Reader's View: Regarding Ukraine, US is the aggressor

Unfortunately for Russia, Ukraine is just a U.S. pawn.

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The U.S. is easily the world’s largest and most sophisticated military power, spread across approximately 750 bases worldwide. Russia has about 21 bases, almost all in former Soviet republics. President Ronald Reagan’s Cold War onslaught was drenched in exaggeration of Soviet power and claims of U.S. moral superiority. Then as now he could count on the American press to dutifully report it to an already propagandized populace.

Times haven’t changed.

In 2014, Virginia Nuland was dispatched to Kiev to help orchestrate the ouster of freely elected pro-Russian President Viktor Yanukovych. Her success earned her a position as under secretary of state for political affairs in the administration of President Joe Biden.

Most importantly, since 2004, NATO has expanded by 14 countries, right up to the border of a weakened Russia, despite promises by U.S. presidents to Russian Presidents Mikhail Gorbachev and Boris Yeltsin that this wouldn’t happen. To no surprise, the U.S. did not keep its word. NATO has since expanded to the Balkans and Afghanistan — quite a distance from the North Atlantic, according to my world map. Its extension to Ukraine to further isolate and surround Russia would be quite a feather in U.S. Secretary of State Antony Blinken’s cap.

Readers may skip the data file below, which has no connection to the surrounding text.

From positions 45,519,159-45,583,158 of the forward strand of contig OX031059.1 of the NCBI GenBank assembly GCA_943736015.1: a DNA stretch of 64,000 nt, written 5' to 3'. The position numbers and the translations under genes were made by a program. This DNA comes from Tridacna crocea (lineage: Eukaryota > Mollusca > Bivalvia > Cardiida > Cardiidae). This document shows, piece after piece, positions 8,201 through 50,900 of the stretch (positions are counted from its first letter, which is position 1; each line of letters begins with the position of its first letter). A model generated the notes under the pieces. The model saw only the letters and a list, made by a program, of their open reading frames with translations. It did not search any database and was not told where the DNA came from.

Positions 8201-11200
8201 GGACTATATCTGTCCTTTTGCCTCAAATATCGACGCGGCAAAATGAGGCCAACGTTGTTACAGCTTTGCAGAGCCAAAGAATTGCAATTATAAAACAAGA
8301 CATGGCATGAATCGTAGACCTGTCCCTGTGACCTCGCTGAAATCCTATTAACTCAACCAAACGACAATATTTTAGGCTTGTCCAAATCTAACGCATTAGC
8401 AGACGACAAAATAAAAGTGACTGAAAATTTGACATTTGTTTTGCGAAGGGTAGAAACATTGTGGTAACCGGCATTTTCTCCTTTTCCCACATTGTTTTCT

As for Crimea, it had been part of Russia since 1783, after the fall of the Ottoman Empire, until 1954 when it was transferred to Ukraine under Premier Nikita Khrushchev, likely in a move to increase Ukrainian-Russian solidarity. Three-fourths of Crimean residents speak Russian. Thus, no surprise this majority favored a return to Russia.


Russian President Vladimir Putin isn’t the reincarnation of Mother Teresa, but history’s on his side with regard to NATO. Unfortunately for Russia, Ukraine is just a U.S. pawn. Ultimately, the history of NATO shows the US as the aggressor.

Robert Kosuth


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